Solving Aggression Problems in Dogs

Dogs express aggressive tendencies in the following ways:

  • growling,
  • snarling,
  • barking,
  • curling lips,
  • showing teeth,
  • wrinkling nose,
  • nipping,
  • snapping, and
  • biting.

If your dog is exhibiting any of these behaviors, you need to take action before someone gets hurt. Get some professional help from a reputable dog trainer or dog behaviorist.

Denial is not the right response. It is only a matter of time before someone - your spouse, your child, your neighbour - is hurt badly. You could find yourself at the wrong end of a lawsuit too.

There are many different circumstances that can cause aggressive behaviour in a dog, and a program to treat aggressiveness must start with an understanding of the underlying issues that are causing it and then by developing a plan to change the behavior.

Physical punishment is not the answer. It will only escalate the aggressive behavior.

Effective solutions that the dog trainer or behaviourist will employ will likely involving techniques for ensuring that your dog knows that he is in the lowest position in the family hierarchy; the requirement that you teach basic commands and consistently enforce obedience. The professional will also show you ways to divert aggressive behaviour. As you will see, rewarding good behaviour is key to effective behaviour change.

The videos in this section will give you insight into the underlying causes of aggressive behavior. You will also see training techniques for changing these behaviours and you will learn what makes them effective.

Types of Aggression



Dominance Aggression:
If a dog believes that he is higher up in the social hierarchy than you or your family members (the “pack”) – then trouble is brewing. A dog needs to be taught that he is at the bottom of the pack hierarchy; and as long as he knows his place, he'll be fine with it. If, on the other hand, the dog perceives that individuals in the family -- your children perhaps -- are lower in the pecking order, the dog will assert authority, and show his displeasure when he doesn't get what he wants in increasingly aggressive ways.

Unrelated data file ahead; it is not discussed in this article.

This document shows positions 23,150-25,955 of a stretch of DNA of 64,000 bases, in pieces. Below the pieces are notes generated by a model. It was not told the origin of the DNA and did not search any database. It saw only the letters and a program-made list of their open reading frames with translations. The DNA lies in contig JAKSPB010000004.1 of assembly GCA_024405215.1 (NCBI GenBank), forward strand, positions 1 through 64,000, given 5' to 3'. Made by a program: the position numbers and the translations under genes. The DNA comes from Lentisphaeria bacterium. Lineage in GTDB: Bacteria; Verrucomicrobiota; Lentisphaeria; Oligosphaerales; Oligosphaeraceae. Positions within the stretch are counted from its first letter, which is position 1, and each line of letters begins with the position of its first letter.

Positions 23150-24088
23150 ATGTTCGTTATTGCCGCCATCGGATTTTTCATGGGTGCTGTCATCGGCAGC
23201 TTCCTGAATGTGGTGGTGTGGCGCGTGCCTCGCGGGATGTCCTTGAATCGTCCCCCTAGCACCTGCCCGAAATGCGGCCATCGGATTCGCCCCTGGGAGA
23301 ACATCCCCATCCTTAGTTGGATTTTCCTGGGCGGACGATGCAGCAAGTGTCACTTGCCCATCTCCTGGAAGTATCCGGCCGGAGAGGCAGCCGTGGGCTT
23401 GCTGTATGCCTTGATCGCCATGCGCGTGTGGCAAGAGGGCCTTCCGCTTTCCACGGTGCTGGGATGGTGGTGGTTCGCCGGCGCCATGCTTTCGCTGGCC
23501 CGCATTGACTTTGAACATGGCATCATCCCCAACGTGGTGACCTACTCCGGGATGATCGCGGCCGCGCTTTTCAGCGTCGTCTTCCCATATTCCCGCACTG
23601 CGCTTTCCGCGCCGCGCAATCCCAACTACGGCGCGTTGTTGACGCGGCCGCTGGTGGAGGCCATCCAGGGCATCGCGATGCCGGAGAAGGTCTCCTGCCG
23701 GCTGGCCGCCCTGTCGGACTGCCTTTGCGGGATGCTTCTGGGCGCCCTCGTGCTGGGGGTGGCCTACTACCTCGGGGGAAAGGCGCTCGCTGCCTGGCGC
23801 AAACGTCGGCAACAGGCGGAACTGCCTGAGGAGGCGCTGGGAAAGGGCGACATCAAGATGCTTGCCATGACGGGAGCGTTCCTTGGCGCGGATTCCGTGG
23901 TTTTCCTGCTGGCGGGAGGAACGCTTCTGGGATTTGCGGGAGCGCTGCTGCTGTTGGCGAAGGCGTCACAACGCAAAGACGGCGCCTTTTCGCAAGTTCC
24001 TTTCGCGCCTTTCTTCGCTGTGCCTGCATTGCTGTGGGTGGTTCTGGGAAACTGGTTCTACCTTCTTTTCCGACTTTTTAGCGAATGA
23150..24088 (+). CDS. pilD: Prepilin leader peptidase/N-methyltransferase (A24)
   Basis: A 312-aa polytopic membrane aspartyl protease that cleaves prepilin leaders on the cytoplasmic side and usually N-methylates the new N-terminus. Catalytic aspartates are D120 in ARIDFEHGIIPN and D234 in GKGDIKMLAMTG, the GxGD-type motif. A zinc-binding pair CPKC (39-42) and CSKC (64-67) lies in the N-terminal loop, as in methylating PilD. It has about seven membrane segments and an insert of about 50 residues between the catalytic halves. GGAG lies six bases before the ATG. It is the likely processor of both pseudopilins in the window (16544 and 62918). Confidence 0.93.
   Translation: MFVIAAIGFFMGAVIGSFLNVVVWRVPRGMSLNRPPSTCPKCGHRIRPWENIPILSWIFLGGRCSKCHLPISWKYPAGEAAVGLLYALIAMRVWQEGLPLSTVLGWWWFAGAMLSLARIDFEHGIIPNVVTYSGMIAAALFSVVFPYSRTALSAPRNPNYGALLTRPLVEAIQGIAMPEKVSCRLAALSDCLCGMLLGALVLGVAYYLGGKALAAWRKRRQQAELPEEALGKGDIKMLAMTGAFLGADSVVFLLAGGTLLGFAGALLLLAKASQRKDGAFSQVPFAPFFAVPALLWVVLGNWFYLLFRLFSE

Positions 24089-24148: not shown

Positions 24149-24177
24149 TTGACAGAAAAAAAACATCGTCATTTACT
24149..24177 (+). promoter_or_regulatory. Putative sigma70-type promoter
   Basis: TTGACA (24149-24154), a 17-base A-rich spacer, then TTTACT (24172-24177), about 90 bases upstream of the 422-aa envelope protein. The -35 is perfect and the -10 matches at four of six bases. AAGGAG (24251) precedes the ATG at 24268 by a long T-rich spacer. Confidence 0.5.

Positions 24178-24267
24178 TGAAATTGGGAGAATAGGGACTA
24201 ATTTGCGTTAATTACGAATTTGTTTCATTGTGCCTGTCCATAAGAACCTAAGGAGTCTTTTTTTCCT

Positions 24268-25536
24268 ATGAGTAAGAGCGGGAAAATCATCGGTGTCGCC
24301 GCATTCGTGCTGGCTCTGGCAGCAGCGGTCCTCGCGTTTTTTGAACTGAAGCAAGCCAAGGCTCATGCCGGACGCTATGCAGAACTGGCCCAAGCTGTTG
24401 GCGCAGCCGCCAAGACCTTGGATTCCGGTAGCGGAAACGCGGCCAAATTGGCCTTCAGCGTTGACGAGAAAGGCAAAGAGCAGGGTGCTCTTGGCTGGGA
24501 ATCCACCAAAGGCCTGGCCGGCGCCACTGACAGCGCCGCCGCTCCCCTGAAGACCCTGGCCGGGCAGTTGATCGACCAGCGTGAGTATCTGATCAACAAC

Fear-based Aggression:
Dogs can be aggressive because they are fearful – they may perceive danger where none exists and they will act to defend themselves. Sudden large movements, cornering a dog, or placing a hand on his head can be enough to cause fearful aggressive behaviour.

Protective, Territorial, and Possessive Aggression:
These type of aggressions are all related – all having to do with a dog wanting to protect what he believes is his – his pack, his property, his stuff. If the dog perceives that others are going to hurt any member of his pack, come uninvited onto his property or take his food or toys, he is going to lash out unless he is trained to do otherwise.

Re-directed Aggression:
This is what happens when a dog can't fight against an aggressor for some reason - maybe he's being jabbed through a fence or attacked by a unbeatable weapon - he may take his fury out on a nearby dog or person.

Pain and Sickness Aggression:
If a dog is in pain or ill, she might lash out at anybody who is bothering her, even if they are trying to help.

Sexual Aggression:
It is common male animal behaviour to fight for the right to mate with a targeted female if there is competition for her. NEUTERING and SPAYING your pets is essential as our canine friends are living in a human, civilized world.